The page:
- To monitor. This requires enhancing the analytical capacity in Africa to monitor trade and financial flows and the implementation of agreed projects. Thankfully several countries are already formulating strategies for more effective engagement with BRICS and other Southern partners.
- To compete. Enhancing Africa’s capacity to compete in the global market is critical for African-BRICS cooperation but it requires promoting technology transfer and capturing the positive spillover from foreign investment and learning from the experience of the BRICS.
Africa’s relations with BRICS partners should be based on a clearly articulated African interest. The continent should then install the critical capacities that are required to participate as an equal in the requisite dialogue and negotiation.
Africa’s high growth rates since the turn of the 21st Century have not translated into high levels of employment and reduction in poverty due to lack of meaningful economic structural transformation that entails a change in the structure of the economy over time from a subsistence economy, through industrialization, to an industrial or even post-industrial high-income society. Structurally transformed economies tend to be associated with steady, sustained economic growth rates combined with relatively low growth volatility and higher capacity to create jobs.
To support development aspirations beneficial to both Africa and the BRICS, the latter needs to support Africa’s efforts in looking for options for improving political and economic governance; for relaxing constraints imposed by human capital and infrastructure deficits; for unleashing Africa’s agricultural potential in the context of Comprehensive African Agricultural Development Plan (CAADP); for stepping up regional integration initiatives in the context of the Minimum Integration Programme (MIP) and efforts to boost intra-African trade.
The operations of the major partners in Africa are driven by their own economic and strategic considerations. The mix of trade, investment and to some extent aid helps to promote these interests. The most important message of the study therefore, is that Africa–BRICS cooperation is driven as much by market as by non-market and political-economy dynamics. This acknowledgment should underpin the continent’s strategy towards its BRICS partners. Its relations with them should be based on a clearly articulated interest. The continent should then install the critical capacities – which form the basis of the following recommendations – for it to take part as an equal in dialogue.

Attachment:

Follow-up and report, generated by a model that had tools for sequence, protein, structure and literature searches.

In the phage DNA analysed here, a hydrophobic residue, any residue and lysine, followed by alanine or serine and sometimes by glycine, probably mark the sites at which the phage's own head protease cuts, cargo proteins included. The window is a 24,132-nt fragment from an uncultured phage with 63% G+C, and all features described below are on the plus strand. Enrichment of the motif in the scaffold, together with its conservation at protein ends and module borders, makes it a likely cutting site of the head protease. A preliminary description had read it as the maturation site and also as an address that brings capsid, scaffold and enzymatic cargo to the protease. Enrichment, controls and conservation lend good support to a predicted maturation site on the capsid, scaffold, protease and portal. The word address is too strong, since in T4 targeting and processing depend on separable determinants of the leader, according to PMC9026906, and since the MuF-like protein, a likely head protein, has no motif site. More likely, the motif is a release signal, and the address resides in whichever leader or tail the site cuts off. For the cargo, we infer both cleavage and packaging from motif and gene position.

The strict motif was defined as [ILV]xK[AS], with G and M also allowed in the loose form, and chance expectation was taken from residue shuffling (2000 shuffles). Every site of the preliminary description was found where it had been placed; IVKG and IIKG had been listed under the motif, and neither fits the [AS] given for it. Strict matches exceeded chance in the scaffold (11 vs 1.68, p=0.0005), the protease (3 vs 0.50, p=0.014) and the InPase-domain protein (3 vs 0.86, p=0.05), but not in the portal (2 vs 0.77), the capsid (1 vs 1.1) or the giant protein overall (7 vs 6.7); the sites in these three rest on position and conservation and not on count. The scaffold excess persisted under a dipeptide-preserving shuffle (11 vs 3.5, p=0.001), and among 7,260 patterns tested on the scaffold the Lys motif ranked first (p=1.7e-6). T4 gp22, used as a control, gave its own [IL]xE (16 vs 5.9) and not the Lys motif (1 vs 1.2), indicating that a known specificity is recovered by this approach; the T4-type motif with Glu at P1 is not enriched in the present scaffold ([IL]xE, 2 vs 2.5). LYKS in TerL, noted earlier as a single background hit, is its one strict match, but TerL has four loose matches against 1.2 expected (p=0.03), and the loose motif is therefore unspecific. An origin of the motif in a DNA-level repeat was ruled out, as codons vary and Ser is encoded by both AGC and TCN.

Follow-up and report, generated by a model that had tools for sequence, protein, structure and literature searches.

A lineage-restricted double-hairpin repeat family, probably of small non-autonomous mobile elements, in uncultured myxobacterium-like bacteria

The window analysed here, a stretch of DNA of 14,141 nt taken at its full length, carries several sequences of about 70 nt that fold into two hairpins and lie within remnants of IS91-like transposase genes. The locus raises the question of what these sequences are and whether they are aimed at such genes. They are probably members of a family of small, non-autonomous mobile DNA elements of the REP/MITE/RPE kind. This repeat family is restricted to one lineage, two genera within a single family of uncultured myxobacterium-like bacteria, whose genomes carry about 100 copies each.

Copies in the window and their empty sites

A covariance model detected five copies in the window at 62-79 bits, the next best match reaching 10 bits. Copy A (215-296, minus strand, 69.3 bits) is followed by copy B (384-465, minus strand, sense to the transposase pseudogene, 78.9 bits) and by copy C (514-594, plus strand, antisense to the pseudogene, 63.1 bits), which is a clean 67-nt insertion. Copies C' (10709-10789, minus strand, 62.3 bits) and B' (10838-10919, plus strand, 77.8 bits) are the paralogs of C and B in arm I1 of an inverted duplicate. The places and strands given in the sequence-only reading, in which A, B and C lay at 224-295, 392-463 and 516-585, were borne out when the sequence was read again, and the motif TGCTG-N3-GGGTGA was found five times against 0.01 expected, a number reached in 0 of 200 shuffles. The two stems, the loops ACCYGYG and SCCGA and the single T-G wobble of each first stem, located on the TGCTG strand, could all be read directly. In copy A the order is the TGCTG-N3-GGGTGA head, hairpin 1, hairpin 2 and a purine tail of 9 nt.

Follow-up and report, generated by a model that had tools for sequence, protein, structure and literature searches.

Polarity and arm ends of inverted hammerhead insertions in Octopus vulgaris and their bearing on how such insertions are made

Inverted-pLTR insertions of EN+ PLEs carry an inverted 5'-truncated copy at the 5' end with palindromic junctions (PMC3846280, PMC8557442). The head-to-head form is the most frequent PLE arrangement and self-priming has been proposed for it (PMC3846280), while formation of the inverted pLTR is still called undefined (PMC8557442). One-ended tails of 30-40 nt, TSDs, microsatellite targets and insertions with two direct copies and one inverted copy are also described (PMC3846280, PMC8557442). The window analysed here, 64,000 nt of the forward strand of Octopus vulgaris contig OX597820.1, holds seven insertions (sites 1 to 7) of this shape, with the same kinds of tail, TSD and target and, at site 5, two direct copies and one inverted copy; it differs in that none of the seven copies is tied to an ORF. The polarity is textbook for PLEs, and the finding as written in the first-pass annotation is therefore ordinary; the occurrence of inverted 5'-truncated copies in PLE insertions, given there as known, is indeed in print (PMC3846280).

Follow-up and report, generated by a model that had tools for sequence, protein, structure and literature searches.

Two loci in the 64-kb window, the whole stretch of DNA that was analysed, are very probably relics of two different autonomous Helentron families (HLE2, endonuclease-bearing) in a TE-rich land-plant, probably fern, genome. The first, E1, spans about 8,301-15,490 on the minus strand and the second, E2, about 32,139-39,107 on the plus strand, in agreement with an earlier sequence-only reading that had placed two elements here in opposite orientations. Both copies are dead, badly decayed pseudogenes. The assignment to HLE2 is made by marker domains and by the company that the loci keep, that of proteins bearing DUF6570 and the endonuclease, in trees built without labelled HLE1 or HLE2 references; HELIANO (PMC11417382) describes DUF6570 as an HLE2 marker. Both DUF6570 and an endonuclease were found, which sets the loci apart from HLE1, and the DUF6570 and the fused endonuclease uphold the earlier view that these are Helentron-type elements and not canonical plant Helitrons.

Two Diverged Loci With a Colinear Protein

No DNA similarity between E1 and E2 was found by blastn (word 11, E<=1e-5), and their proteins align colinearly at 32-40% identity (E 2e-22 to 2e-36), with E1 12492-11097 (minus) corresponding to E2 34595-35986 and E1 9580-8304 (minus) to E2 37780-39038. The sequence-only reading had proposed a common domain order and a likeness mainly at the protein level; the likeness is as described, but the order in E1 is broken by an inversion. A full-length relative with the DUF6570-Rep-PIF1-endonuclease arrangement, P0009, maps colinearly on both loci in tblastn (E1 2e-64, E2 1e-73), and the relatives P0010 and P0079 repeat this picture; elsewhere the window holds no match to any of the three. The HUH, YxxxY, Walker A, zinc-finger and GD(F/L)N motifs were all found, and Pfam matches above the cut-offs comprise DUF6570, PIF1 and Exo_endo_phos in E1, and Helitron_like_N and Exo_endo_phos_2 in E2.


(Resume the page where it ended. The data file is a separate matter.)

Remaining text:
African countries’ ability to use trade with the BRICS to achieve their development aspirations largely depends on the capacity to negotiate favourable trade concessions. This includes how African countries negotiate their trade relations with BRICS-related multinational corporations. Moreover, the extent to which African countries efficiently use scarce capital resources while making maximum use of abundant but currently underused labour in producing their exports will determine how much export earnings benefit ordinary African citizens.
About the Author
Emmanuel Nnadozie from Nigeria is the Executive Secretary of the African Capacity Building Foundation (ACBF). Professor Nnadozie’s career spans over 20 years in the development sector. Prior to joining ACBF, he was Chief Economist and Director of the Macroeconomic Policy Division and before then, Director of the Economic Development and NEPAD Division of the United Nations Economic Commission for Africa (UNECA) which he joined in 2004. At the UNECA, Prof. Nnadozie led the production of the well acclaimed African Economic Report for 2010 and 2011 and the Least developed Countries Monitor. He also served as a UN Representative at various intergovernmental and continental forums and as coordinator for the UN system-wide support to Africa’s development as well as the focal point for UN/UNECA’s relations with African Union Commission, NEPAD Secretariat and the African Peer Review Mechanism (APRM).
About the ACBF
The mission of the African Capacity Building Foundation (ACBF) is to build human and institutional capacity for sustainable growth and poverty reduction in Africa. The Foundation’s key objectives are to build new capacity while strengthening and utilizing existing capacity sustainably. ACBF seeks to achieve development results through effective channeling of capacity to areas that spur economic growth and economic transformation, achieve poverty reduction, strengthen good governance and enhance Africa’s participation in the global economy. ACBF’s strength is in its credibility as an institution “for Africa by Africa” with Africans taking greater leadership in proactively addressing the continent’s challenges. It focuses on indigenous ownership, leadership, partnership, accountability and quality in its outputs and results, while nurturing the inter-relationship dynamics of major stakeholders in the capacity building process.